Real Music & Real Estate . . .

Yiddishe Cup’s bandleader, Bert Stratton, is Klezmer Guy.

He knows about the band biz and – check this out – the real estate biz, too.

You may not care about the real estate biz. Hey, you may not care about the band biz. (See you.)

This is a blog with a gamy twist. It features tenants with snakes and skunks, and musicians with smoked fish in their pockets.

Stratton has written op-eds for the Wall Street Journal, New York Times and Washington Post.



“Anything within 10 feet of the cup, Toby sank,” said Hy Birnbaum, a friend of my late father.

I saw Hy at the drugstore, where he worked part-time as a pharmacist.  He was about 85 at the time. Hy said all his friends were dead.  (My dad, Toby, had been dead about 25 years.)

I ran into John Kelly, who worked with my dad 30-some years ago at the key company.  John said one of the “big bosses’” had slept overnight in the key-company office because he had marital problems. This big boss, Sid, had a slew of problems.  His kids were “real hippies,” said John. Sid was a loud-mouth, know-it-all, country-club Jew from Shaker Heights, I remember my dad saying. Toby liked to kvetch about Sid almost nightly at dinnertime.

My dad disliked most “big bosses.” Who didn’t. One “big boss” my dad tolerated, luckily, was the key company president, Manny Schor, who was a World Federalist, very intelligent and not a show off.

Manny came to my gigs occasionally in later years.  (Most of the big bosses at the key company were Jewish.  The company was owned by a Jew.) Manny said, “I can still picture your father sitting at his desk.”

So could I.

Why were these old guys still alive and my dad dead?  That’s what I  wanted to know. My dad’s long game wasn’t so great.


Where are they now:
Toby Stratton  1917 – 1986
Sid  1921 – 2000
Manny Schor  1918 – 2009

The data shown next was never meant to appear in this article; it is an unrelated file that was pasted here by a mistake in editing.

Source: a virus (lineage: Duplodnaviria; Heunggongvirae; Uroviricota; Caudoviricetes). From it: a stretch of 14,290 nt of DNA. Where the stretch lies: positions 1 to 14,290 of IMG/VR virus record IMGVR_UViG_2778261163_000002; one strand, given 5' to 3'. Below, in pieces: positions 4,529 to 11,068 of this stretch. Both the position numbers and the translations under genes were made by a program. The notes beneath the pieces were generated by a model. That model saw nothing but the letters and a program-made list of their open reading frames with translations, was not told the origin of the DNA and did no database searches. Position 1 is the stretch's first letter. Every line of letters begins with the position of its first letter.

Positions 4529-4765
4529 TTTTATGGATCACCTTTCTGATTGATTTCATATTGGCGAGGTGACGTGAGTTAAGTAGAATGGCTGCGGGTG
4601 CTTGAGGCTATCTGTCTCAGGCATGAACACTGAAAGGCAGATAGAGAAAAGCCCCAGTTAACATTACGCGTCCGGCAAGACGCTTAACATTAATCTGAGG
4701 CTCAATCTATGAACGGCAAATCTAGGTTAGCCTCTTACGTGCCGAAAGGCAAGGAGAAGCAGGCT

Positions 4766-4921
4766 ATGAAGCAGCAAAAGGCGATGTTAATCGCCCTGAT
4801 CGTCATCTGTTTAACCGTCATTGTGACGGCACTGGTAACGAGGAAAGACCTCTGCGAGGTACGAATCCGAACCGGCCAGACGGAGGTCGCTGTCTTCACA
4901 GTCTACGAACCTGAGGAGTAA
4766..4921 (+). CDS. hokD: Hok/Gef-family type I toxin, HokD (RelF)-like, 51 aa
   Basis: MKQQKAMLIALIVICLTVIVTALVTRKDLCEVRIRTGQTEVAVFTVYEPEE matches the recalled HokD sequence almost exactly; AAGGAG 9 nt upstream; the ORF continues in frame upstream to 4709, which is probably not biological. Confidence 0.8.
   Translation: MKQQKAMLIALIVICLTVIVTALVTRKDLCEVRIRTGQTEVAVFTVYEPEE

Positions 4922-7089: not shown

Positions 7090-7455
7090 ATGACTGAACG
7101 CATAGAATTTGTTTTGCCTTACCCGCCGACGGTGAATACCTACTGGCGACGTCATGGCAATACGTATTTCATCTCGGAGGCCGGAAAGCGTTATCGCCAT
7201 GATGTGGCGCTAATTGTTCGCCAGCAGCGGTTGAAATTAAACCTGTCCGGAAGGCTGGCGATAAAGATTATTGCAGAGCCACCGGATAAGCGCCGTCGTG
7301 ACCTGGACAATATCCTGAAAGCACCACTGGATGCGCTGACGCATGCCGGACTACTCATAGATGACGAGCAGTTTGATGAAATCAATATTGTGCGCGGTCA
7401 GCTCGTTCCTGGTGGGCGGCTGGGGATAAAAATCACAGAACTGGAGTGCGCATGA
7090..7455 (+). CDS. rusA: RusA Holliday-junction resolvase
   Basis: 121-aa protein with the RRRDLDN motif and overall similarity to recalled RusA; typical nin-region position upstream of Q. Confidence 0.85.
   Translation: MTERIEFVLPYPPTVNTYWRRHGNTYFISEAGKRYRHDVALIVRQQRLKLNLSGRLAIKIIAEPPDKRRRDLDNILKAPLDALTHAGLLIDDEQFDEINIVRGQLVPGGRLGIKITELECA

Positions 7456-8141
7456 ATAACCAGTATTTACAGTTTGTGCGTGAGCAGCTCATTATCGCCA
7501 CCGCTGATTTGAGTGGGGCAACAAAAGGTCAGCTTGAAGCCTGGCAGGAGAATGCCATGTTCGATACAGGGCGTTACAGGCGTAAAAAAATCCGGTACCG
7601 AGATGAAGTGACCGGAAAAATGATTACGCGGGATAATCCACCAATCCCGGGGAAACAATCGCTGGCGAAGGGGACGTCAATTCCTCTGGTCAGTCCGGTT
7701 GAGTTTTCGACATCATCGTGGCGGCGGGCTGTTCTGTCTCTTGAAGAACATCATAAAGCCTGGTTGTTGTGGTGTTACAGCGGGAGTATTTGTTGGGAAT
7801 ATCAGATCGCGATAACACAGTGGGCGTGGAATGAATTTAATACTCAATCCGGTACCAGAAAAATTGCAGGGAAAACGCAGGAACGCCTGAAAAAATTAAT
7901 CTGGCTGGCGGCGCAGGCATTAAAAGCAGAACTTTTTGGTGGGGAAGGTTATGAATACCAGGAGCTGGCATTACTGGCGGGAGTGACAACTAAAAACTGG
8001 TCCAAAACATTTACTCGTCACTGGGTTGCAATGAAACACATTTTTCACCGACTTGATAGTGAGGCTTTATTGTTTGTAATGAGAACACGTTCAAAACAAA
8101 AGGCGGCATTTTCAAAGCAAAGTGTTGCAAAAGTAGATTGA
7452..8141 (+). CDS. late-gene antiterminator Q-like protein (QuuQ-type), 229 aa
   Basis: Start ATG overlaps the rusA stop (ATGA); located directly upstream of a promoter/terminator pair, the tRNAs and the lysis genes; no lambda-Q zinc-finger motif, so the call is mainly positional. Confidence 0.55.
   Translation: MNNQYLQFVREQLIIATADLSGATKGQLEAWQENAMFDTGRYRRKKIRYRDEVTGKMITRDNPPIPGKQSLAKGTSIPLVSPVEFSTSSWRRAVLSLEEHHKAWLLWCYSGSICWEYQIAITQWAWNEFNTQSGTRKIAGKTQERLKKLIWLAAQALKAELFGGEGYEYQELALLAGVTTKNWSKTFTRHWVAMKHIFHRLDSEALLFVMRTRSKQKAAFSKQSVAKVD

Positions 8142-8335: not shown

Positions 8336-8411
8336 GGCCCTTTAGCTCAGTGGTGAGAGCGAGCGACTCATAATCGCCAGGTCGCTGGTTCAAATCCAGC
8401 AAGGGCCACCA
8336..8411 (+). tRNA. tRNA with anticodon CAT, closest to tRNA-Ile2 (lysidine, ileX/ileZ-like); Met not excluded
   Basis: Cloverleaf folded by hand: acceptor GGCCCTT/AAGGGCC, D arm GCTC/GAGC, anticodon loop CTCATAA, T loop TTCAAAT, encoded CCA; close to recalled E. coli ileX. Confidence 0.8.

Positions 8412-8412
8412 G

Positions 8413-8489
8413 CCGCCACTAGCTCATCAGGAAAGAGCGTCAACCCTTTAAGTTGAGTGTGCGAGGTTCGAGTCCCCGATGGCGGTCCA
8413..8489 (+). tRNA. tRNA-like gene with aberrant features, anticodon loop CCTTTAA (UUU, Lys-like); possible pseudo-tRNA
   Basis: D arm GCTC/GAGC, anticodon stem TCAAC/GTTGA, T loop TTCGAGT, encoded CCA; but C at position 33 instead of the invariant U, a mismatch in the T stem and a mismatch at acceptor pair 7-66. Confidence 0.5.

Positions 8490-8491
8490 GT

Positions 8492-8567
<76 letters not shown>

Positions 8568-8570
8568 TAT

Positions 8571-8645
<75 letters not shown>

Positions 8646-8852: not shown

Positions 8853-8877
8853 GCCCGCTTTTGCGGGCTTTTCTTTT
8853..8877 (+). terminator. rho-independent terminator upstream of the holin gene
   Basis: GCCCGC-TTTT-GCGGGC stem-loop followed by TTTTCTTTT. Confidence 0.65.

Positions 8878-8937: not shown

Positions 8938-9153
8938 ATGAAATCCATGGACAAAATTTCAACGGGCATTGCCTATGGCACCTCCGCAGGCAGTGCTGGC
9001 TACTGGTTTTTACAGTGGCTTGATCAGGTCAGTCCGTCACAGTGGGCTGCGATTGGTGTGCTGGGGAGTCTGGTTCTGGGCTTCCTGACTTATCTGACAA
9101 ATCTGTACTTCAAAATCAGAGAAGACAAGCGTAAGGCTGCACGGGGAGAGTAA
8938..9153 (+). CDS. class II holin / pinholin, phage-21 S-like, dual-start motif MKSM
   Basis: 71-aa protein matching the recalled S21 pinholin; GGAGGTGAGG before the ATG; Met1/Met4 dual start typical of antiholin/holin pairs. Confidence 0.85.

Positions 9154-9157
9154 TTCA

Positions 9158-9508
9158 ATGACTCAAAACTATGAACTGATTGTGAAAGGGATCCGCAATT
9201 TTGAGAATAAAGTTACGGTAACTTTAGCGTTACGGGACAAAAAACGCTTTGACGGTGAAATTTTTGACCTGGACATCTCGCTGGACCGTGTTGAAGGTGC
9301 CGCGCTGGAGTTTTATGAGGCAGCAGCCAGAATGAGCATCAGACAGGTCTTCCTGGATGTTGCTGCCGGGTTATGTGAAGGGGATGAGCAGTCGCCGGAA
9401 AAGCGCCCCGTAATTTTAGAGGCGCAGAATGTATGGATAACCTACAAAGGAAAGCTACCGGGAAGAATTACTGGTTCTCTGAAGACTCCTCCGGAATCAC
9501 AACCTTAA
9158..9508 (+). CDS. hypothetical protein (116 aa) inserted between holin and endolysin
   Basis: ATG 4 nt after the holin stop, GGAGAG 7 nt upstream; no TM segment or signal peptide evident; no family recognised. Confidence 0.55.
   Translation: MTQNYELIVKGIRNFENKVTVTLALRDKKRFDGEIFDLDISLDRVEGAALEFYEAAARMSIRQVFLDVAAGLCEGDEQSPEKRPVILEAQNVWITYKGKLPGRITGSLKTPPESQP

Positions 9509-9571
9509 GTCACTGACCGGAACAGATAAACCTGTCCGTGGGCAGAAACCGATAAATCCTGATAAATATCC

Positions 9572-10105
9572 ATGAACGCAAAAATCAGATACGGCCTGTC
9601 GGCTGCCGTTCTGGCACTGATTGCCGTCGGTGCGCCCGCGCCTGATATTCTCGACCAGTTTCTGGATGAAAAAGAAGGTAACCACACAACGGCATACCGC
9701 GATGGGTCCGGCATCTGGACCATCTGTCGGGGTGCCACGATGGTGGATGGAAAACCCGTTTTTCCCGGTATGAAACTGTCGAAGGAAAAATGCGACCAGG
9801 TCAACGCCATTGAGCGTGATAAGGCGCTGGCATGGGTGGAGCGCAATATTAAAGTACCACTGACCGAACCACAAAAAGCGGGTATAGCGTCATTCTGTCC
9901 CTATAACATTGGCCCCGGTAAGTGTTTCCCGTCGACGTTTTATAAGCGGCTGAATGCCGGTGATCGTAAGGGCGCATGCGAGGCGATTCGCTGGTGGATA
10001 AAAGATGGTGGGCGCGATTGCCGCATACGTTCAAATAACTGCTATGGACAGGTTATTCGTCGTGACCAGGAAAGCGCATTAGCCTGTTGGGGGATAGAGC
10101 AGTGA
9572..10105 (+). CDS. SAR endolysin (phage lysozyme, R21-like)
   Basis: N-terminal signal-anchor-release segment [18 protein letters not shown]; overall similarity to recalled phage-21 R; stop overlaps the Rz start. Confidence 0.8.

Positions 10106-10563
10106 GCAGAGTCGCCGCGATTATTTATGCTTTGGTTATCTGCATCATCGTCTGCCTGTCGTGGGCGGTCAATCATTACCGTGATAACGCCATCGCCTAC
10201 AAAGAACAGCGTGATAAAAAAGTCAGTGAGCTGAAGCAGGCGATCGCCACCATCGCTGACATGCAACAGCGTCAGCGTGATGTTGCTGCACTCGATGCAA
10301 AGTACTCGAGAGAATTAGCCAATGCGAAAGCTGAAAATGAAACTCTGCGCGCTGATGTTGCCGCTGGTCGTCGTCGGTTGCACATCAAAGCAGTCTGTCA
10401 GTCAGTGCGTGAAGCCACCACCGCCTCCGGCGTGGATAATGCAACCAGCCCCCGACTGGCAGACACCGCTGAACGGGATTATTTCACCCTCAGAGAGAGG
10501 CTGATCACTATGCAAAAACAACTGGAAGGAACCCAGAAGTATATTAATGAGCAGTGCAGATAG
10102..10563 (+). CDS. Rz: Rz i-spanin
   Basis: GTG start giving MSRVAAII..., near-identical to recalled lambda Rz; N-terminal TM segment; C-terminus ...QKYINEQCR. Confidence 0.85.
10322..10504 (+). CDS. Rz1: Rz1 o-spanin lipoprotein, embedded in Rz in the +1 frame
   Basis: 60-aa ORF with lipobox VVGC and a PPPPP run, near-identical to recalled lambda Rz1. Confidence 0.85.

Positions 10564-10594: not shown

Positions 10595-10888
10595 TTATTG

John Kelly  1931 – 2011
Hy Birnbaum  1925 –

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1 Bert Stratton { 10.02.13 at 9:13 am }

Purists: The subject line on my email blast this morning (Wed.) was supposed to read “My dad had a good short game.” It mistakenly read “My dad had a good long game.”

2 Barbara Ashkenas { 10.02.13 at 10:30 am }

Hi Bert

Your blog about your dad’s long game reminded me that my dad’s long game was not so good either. He died when he was 70 … Anyway, hope you have some good memories.

Regards to Alice. Hope your kids are happy!

3 Mark Schilling { 10.02.13 at 11:08 am }

His son is still writing about him a quarter of a century after he passed, so you could say he had a good long game too. Stay well…

4 Margie { 10.02.13 at 11:31 am }

I miss him too. He was a huge role model for me. A calm island of rational thought amidst a sea of Zalk emotions. He always reached out to keep me thinking clearly as a young adult who had no idea what I was doing. The best decisions I made were because he counseled me.

5 Irwin Weinberger { 10.02.13 at 2:34 pm }

My dad died at 66. 1913-1980
It’s been many years since hearing about Herman through a friend or co-worker’s eyes. Guess my own imagination tries to put the pieces together as to who he was. Wish I could have met your dad.

6 Johanna Schor { 02.14.15 at 8:18 pm }

Reading this over I’m really touched again. Who will remember us? Well if you ever have a gig in LA give me a call. I don’t suppose I’ll get to Cleveland any time soon. My 50th Shaker Reunion is coming up, but I’ll pass.

Be well and thanks again for sending your blog.


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